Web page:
Heartbreak came in three acts at the American Museum of Natural History in New York City this summer: animal, vegetable, and mineral. It was Identification Day and museum-goers lugged their scientific treasures triple-wrapped in newspaper, towels, and Hefty garbage bags and tucked inside rolling suitcases, duffels, Coleman coolers, and zippered pants pockets. Local experts waited to receive them with friendly smiles and the cruelties of taxonomy.
Dominick Russo strode in with a trove of fossils that he described as the femur of an extinct giraffe and a jawbone from a million-year-old horse, which he had excavated from a vacant lot in Hoboken, New Jersey. He had waited almost a year for the event and came prepared. For the benefit of the press and other interested parties, he brought along maps of the dig site and even an inkjet photograph of himself smiling alongside the clay-dusted jawbone. But Sophia Perdikaris, an animal archaeologist from Brooklyn College, surmised that the bones were of a more recent epoch and a less exotic species. Russo was miffed.
"She's got cows on her mind," he said as he stuffed the binder back in his bag. "Everything's a cow to her!"
Billed as an Antique Roadshow for natural history, the event took place under the ventral surface of the blue whale in the Milstein Hall of Ocean Life. Stephen Milne, who once evaluated Steuben Glass objects for the popular PBS program, brought a treasure to the event he long thought was petrified wood. "This is like being on the other side of the table," the former appraiser said upon learning it was just sandstone. Previous Identification Days have netted a dinosaur egg, a green beetle bracelet from the Amazon, and a 5,000-year-old stone spear point. Some collectors come year after year with the same sorry objects, hoping for a different curator or a kinder verdict.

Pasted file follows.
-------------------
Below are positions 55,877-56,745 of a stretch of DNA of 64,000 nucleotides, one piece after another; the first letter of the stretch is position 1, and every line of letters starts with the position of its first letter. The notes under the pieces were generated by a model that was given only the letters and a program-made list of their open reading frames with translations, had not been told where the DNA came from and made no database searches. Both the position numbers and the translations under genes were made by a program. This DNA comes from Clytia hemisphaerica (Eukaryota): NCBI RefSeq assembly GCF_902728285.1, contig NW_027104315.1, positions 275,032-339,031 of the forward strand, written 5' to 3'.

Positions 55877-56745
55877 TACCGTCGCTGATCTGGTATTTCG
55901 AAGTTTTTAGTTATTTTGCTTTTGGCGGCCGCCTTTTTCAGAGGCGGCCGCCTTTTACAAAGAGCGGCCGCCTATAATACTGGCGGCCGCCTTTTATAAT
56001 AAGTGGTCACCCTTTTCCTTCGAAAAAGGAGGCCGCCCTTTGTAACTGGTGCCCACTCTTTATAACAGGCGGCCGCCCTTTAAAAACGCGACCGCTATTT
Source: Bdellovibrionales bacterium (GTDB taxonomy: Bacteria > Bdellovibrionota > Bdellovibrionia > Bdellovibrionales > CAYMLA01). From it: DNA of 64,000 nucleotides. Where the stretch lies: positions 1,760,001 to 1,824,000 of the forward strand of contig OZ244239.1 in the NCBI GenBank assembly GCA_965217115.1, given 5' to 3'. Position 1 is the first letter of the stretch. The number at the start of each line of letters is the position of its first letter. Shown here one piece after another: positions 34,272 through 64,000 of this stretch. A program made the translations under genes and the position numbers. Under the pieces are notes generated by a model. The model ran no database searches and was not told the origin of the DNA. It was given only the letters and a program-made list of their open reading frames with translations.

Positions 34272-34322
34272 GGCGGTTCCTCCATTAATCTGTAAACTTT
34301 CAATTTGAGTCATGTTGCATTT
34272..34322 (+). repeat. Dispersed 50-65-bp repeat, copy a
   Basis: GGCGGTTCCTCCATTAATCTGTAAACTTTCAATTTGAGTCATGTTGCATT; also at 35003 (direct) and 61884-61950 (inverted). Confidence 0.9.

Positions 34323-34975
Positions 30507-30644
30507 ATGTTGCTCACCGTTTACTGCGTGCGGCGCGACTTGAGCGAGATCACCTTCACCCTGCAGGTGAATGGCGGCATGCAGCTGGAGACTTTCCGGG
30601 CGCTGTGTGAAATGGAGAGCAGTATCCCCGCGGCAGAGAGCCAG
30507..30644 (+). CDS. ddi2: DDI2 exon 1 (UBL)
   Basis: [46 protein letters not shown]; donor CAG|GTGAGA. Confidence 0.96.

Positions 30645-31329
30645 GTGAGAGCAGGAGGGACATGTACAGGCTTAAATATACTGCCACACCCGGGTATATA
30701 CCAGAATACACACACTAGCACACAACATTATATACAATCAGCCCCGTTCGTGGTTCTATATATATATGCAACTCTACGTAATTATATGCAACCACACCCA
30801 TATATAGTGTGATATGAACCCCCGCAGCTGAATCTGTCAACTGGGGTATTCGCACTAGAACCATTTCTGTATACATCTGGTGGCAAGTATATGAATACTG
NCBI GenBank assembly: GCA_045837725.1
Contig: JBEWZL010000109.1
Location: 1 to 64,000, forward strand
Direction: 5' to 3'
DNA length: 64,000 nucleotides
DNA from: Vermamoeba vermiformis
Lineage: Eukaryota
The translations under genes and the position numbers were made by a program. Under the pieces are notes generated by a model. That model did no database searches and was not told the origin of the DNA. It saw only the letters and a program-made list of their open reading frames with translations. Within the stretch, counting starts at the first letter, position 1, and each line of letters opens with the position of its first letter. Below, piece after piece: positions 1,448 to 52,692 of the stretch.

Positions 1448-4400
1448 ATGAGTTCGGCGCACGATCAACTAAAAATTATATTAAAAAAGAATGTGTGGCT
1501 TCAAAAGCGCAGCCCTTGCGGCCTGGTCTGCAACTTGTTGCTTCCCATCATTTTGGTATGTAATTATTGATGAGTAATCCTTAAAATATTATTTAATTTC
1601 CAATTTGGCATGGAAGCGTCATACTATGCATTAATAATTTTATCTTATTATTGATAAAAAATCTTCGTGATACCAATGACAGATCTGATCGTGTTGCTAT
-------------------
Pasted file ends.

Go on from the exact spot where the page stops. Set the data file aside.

This year, a 58-year-old special education teacher made a bee-line to Louis Sorkin at the invertebrate zoology booth. The teacher, who refused to share his name, had spent a rough night at a nearby hotel and proceeded to pull up his knit green shirt to reveal a constellation of several hundred swellings on his back. Sorkin nodded and said the bites were indeed the work of bedbugs, Cimex lectularius, but he expressed little sympathy for the man's complaints. The museum entomologist had brought in his own bedbug colony - originally collected from Fort Dix in 1971 - and for 10 minutes every half hour, Sorkin offered the bloodsuckers his left arm to "keep them active" for visitors watching the magnified bugs on a television screen.
It was also a big day for Andrew Roberts, a computer programmer for the pharmaceutical company Merck, who handed Njoki Gitahi, a geology collections manager, a quarter-sized brownish piece of something or other that he found on a sidewalk in Kalamazoo in the 1970s and kept tucked away with his other "weird heirlooms" for the last 30 years. "It was in a plastic bag in a cardboard box with some old magazines," he said.
Gitahi brushed back her long black braids, pulled out her loupe, and brought the object under the lamplight to assess its luster. Then, she applied a drop of hydrochloric acid, looking for the tell-tale fizz that would indicate the presence of calcium carbonate, a shell-derived mineral. No fizz. Finally, she scratched the object with a steel nail to see where it fell on the Mohs hardness scale that stretches from talc (1) to diamond (10). "It's not actually a rock," she concluded, positing that it was a piece of asphalt. "I wish I could tell you more."
Roberts stuffed the mystery object back in his pocket. "I don't have it on display or anything," he said before shuffling away.
Meanwhile, Russo, the man with the discredited giraffe bones, was recovering at a bench by the museum's walrus display. "I'm not angry, I'm just disappointed," he said. "If I knew it was going to be like this I would have gone to Washington, DC, to the Smithsonian."